In light of these new conditions, I believe that HKW is at a point where we must re-examine the issues we need to deal with. As a cultural institution that deals directly with the new issues that globalization has brought, I want to see us to work together with the artists of each country toward the development of their non-European regions rather than sticking to the old definitions of regional divisions in culture.
Another issue for HKW now is to make sure that the themes of the projects we plan are ones that have clear relevance for us as individuals in the society we live in. I believe that this is a very important point in order to make sure that the theme is not simply exoticism. We have to treat these as themes and issues that are relevant here in Germany and throughout Europe, it should not be a discussion of the exotic. That is what’s important. And it is the same in the way the work is approached.
Besides HKW, Germany has another big national government agency in the area of international exchange in the Goethe Institute with its 144 branches in 80 countries around the world. What is the division of roles for these two institutions?
The role of the Goethe Institute (established 1951) is to introduce German culture to foreign countries and as a result, it is an institution whose projects are mostly abroad. In contrast, HKW is at present an institution that produces projects from the new [non-European] cultural centers for the German domestic audience. If I were to express that in terms of a slogan, the Goethe Institute opens the door of Germany to the outside world, while HKW opens the world’s doors to the German audience. As institutions we support each other and we often collaborate on projects. However, because of the difference in our aims we do not simply “import” projects that the Goethe Institute has done and re-package them for the German domestic market. The Goethe Institute has a lot of high-quality, localized information, so when we plan a project we get their cooperation in gathering information concerning the country involved.
Can you tell us about the nature of the German government’s policies concerning international exchange in recent years?
Speaking generally, the German government’s policies reflect more the importance of an international cultural exchange. That means that the Goethe Institute has been given the biggest initiatives and also that the HKW has been given a larger role. This reflects a fundamental realization that in order to achieve mutual understanding of the type that will help solve the conflicts in today’s world, it is necessary to approach each other mainly from a cultural perspective. This consciousness has become particularly strong now that we are seeing cultures outside of Europe develop from what was once considered “peripheral” culture into important new cultural “centers” in their own right. Another important factor is the fact that cultural conflict, such as those involving the Islamic nations, has developed into major political issues. For HKW, it has become increasingly important that these issues be analyzed clearly through transnational media like television and the Internet.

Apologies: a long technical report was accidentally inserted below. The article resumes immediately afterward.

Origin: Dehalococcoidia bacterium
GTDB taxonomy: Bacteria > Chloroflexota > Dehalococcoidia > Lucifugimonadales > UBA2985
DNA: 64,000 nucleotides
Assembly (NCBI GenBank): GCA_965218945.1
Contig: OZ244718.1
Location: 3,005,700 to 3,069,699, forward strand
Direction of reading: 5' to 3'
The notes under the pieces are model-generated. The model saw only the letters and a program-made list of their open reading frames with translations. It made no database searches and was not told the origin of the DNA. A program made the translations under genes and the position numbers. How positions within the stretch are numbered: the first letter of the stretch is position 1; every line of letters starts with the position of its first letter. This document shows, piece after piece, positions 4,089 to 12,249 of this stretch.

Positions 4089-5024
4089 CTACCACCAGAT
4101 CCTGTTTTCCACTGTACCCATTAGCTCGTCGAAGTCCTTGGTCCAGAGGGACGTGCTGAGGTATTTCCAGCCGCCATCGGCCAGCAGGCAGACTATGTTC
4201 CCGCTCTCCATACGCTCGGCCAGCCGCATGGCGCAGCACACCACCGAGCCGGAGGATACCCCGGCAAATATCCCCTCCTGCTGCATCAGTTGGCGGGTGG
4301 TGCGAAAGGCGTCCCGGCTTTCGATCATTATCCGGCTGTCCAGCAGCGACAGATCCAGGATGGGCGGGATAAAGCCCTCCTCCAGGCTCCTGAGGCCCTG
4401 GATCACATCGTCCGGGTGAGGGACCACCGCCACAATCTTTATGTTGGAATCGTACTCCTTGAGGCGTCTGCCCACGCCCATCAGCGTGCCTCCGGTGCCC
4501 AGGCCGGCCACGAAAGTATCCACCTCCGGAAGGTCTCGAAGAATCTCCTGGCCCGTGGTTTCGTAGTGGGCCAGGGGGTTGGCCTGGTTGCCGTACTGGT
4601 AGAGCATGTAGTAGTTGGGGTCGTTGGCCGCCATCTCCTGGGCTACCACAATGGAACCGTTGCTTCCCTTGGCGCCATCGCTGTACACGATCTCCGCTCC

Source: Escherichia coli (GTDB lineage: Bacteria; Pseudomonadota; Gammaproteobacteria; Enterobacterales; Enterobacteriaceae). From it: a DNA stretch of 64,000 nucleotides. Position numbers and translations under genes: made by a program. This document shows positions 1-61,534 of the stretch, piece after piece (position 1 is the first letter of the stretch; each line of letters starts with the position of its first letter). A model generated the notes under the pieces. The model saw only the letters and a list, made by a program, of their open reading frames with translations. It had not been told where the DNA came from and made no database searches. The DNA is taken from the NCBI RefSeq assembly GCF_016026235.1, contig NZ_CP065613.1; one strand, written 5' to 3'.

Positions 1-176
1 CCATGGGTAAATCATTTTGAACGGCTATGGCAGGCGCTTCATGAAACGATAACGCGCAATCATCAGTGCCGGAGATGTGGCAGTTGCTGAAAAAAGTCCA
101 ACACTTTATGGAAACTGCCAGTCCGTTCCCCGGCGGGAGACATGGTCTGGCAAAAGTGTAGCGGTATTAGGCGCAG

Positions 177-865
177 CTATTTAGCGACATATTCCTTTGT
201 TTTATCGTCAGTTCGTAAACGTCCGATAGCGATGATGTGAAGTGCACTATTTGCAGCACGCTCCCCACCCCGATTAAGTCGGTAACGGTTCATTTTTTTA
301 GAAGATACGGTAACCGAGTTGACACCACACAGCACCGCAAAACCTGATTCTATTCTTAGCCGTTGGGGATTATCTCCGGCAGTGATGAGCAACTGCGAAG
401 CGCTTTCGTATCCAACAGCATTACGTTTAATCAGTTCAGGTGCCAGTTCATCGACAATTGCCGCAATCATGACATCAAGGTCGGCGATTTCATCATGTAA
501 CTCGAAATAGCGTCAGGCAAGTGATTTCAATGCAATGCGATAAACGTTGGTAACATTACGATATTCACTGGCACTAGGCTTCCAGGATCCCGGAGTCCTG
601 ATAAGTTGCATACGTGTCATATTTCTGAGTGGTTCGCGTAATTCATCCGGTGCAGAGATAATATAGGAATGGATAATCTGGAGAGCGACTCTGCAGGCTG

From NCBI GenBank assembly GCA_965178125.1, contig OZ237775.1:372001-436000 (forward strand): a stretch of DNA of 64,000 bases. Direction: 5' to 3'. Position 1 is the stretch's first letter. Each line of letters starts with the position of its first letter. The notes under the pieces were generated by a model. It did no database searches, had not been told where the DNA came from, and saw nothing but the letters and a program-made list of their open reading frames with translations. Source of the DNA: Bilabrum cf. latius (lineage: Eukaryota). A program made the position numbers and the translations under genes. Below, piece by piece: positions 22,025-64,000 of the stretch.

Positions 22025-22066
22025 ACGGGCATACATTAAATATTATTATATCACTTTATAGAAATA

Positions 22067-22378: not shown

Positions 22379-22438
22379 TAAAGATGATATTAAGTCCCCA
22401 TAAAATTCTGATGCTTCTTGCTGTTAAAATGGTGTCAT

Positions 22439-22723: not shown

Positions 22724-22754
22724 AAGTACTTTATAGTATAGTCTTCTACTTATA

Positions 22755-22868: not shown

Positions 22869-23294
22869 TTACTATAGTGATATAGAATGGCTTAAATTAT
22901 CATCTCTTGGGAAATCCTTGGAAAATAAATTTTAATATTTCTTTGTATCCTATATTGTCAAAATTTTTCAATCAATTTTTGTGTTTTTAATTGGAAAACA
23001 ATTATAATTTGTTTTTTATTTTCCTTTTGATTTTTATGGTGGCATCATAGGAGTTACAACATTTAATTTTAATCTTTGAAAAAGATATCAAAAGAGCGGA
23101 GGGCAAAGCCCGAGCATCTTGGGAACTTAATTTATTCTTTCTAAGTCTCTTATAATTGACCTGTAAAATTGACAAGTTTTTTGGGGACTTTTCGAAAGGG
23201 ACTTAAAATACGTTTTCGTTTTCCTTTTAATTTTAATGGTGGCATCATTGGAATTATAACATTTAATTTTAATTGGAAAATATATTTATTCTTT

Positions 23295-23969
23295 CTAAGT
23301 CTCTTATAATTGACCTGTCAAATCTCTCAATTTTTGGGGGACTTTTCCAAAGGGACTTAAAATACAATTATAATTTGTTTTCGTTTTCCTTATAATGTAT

However, in Germany we have a principle of the freedom of the arts and academics, which prevents the government from intervening directly in arts and culture. This reflects the insight that the arts and culture cannot just be used as instruments for policies. They are free expressions of individuals and groups within the society. And the state sees it as its obligation to support it within the country but also in the dialogue with other countries. What are the policies that HKW pursues its independent projects on? In 2006 you had thematic programs focusing on Brazil and China. How are these themes decided?
Normally we invite eight to ten international specialists from a number of fields to sit on a planning committee to develop themes for our programs in a workshop setting. Rather than just presenting exhibitions, for example, we believe it is important to be producers who present “intellectual assets” in the fundamental sense of the term. And I believe that this is something that is achieved only through workshops and doing the necessary research.
For example, when we chose China as a theme, we decided together with a group of experts on a concept of “Culture – Memory” between Past and Future. This is a theme which at the moment is very much discussed in Germany too and that led to a number of ideas and, for example, it connected strongly to memories of the Great Cultural Revolution. In the exhibition we did a presentation of documentary photographs from just after the Great Cultural Revolution in the 1980s and the ensuing development of artistic photography. And, working on the context of the fact that performance of Chinese opera was prohibited in all opera houses in China during the Great Cultural Revolution, we produced six operas. After their Berlin performances they were eventually performed in Shanghai as well.